So the author of Why South Carolina Will Beat Clemson was wrong about the outcome. I won’t fault someone too much for not being able to predict the future. I will fault the author for the logic behind his decision.
The author begins by pointing out that the heartbreaking loss to Boston College guaranteed us no chance of winning a championship or going to a big-time bowl — no news there, in his words, “it was the classic ‘Clemson Meltdown.’”
Unlike Clemson, however, South Carolina has a steady ball coach—the Head Ball Coach actually, who will look to right the ship and close out the year with a strong win. Coming off a much-needed bye week, look for the Gamecocks to be sharp in a game they need to win for bowl eligibility.
Thus, not only will Clemson be in their all-too-regular post-meltdown state of shock, South Carolina will be healthy, rested, and coached by a man not in perpetual lame-duck status.
Well that logic seems robust. But it can be made stronger, right? After pointing out that in Clemson’s loss to BC, home field advantage was not all that valuable, he gives USCe credit for home field advantage.
But the hatred for Clemson is real around Columbia, and I expect another raucous crowd, similar to the one Kentucky faced months ago.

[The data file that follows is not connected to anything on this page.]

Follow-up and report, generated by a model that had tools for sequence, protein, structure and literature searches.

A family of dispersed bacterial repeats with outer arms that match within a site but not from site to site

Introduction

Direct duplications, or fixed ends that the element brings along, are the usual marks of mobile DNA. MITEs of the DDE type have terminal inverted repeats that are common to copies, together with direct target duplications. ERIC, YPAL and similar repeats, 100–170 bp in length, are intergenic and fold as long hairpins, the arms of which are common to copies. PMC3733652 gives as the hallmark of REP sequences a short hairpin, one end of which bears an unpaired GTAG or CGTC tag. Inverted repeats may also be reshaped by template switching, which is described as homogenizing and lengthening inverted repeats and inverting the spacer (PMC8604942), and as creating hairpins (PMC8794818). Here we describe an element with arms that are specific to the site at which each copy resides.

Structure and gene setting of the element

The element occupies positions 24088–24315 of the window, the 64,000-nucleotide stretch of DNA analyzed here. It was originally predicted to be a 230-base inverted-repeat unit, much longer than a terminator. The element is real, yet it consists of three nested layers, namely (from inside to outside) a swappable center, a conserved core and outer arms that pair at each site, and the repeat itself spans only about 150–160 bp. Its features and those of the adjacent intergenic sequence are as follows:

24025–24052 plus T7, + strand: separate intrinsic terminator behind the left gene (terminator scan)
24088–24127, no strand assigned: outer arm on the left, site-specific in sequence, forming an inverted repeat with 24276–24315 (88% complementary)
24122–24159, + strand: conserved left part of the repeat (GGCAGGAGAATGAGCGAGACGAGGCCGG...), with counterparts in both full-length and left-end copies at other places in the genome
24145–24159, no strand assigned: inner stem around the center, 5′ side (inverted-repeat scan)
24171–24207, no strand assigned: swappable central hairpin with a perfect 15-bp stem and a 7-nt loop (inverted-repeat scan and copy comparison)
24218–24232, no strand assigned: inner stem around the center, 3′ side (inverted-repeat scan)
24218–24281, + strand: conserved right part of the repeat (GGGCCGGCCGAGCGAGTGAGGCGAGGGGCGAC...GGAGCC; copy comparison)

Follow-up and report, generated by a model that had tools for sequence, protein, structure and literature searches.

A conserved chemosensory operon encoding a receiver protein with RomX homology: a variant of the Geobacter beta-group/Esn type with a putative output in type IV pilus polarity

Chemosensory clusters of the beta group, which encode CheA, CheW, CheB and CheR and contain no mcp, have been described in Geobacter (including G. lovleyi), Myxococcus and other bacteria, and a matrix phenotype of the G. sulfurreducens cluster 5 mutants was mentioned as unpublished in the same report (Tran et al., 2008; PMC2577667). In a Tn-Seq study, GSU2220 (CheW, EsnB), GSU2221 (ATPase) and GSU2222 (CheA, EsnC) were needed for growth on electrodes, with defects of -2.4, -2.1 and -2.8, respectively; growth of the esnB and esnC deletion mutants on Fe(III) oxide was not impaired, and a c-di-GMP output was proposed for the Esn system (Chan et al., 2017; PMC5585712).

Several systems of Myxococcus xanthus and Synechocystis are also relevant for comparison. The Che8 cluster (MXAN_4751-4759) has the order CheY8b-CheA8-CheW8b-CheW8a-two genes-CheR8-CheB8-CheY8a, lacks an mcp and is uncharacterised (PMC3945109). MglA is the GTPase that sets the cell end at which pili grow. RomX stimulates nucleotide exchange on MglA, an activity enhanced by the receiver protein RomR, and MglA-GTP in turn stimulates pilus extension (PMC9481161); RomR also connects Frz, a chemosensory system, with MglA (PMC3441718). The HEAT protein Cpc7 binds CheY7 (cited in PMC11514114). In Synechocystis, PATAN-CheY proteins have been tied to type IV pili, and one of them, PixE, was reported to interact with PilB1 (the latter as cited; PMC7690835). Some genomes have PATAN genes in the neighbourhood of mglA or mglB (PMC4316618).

On top of that, it’s just hard to imagine bowl season without Steve Spurrier.
So that’s the gist of the post. In hindsight, it was clearly wrong. However, when it was written it was still wrong and, well, pretty stupid.
First off, their are no “classic” Clemson meltdowns. Sure there are annual meltdowns, but they come in all shapes and flavors. Beside that point, what had happened in the 8 seasons prior to this one in which we came into the USCe game? Well I count 6 wins and only 1 of the two losses was in Columbia. So for as inconsistent as Bowden’s teams have been throughout the season, they have pretty consistently beaten South Carolina regardless of home field advantage.
And I’m not sure how “steady” Spurrier is or how that’s an advantage for Carolina. In 2005 he went 7-5 with some good wins and stupid losses. (Yeah yeah, those were the lame players from that last national champion coach they brought in.) In ’06 he went 8-5 with no stupid losses. But, coming into the Clemson game, the team was 6-5 with 3 of his own recruiting classes (but they’re still young!) with some good wins, some stupid losses, and a 4 game losing streak. If his performance at Carolina is the definition of steadiness, then I don’t exactly see how that is any kind of advantage.
But we can fall back on the incontrovertible logic that it is just too doggone hard, or damn near impossible, to imagine bowl season without Spurrier around. Perhaps it would be hard to imagine if there weren’t all those years where he wasn’t around for bowl season because he was failing in the NFL.
So I don’t get it. Or is the joke on me? Was the post supposed to be some kind of satire about the mental state of the average Carolina fan?